Hacker culture

Microchip Implants

An estimated 50-100K folks had microchip implants at the time of this story for Ars Technica. I looked at how the benefits compare to the risks.
This piece was cited in the Cyberpolitik Journal, Harvard Journal of Law & Technology, International Journal of Advanced Computer Science and Applications, Journal of Bone and Joint Surgery (JBJS) Case Connector, North Carolina Journal of Law & Technology, Ohio State Law Journal, William & Mary Law Review, and the Beacon Florida Fusion Center’s Cyber and Critical Infrastructure Report, It’s also cited in the Penn State course IST 110: Introduction to Information Sciences and Technology.

Mr. Robot

The bar wasn’t exactly high for dystopian hacker suspense thrillers when USA Network’s Mr. Robot launched in 2015, but the show has gone on to surprise everyone because of how true it is to its subject matter, from the alienation at the heart of an always-connected life to the technologies the characters use to pull off the story lines.

Before the Season 1 finale, I chatted with show creator Sam Esmail and took a look at the real tools and apps used in the show for WIRED.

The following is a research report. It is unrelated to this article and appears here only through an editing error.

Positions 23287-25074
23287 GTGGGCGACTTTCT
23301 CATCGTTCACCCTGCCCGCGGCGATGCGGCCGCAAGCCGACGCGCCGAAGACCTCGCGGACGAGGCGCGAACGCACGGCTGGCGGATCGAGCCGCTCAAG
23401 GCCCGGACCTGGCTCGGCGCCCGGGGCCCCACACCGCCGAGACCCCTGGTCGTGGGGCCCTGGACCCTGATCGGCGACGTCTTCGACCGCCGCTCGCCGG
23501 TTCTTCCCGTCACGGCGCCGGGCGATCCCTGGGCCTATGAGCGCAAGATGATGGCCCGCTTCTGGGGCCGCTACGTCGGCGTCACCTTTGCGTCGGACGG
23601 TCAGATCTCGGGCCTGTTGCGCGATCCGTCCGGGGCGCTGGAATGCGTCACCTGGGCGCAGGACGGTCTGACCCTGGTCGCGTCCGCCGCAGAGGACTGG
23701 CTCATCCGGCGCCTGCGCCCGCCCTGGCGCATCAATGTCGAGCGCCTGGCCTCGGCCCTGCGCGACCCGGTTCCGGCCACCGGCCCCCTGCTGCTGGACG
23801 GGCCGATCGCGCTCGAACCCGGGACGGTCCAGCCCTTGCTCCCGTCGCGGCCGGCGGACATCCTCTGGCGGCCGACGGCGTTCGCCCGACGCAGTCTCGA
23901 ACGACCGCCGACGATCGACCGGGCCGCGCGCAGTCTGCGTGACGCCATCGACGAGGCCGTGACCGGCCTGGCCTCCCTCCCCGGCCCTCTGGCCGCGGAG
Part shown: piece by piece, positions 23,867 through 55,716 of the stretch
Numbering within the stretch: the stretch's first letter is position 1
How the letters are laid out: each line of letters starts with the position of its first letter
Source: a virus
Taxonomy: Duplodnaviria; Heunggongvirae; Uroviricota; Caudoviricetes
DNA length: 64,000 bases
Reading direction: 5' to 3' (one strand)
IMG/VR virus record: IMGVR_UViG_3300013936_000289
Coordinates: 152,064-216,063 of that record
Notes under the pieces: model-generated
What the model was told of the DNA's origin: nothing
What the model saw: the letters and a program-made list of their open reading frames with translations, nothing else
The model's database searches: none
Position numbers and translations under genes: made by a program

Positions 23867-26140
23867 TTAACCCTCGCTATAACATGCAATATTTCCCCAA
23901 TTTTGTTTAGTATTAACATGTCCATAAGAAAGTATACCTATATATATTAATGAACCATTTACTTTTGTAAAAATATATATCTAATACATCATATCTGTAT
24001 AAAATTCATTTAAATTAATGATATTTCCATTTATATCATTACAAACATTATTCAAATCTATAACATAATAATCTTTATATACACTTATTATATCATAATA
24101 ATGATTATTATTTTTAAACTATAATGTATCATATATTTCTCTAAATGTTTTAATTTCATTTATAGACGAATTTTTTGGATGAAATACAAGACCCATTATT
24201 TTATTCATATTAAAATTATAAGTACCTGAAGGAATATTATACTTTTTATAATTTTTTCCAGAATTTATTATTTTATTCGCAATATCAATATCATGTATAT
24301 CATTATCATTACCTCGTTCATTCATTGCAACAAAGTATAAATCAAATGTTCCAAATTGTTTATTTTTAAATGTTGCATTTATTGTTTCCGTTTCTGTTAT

For Seasons 2-3, I gathered a group of hacker friends and we did roundtable chats after each season to discuss the tech in the show (and sometimes the storyline). These were published in Forbes. I continued this for Motherboard four Seasons 4-5.

Twitter Bots

I wrote about the researchers devising algorithms in their spare time to distinguish humans from bots on Twitter, while the social media platform ramped up its own efforts against fake accounts.

Plaid Parliament of Pwning

I profiled the Plaid Parliament of Pwning, one of the world’s elite hacking teams competing in a niche competition called Capture the Flag—where teams compete to solve computer security problems modeled on real-world vulnerabilities.
Copyright 2021 Yael Grauer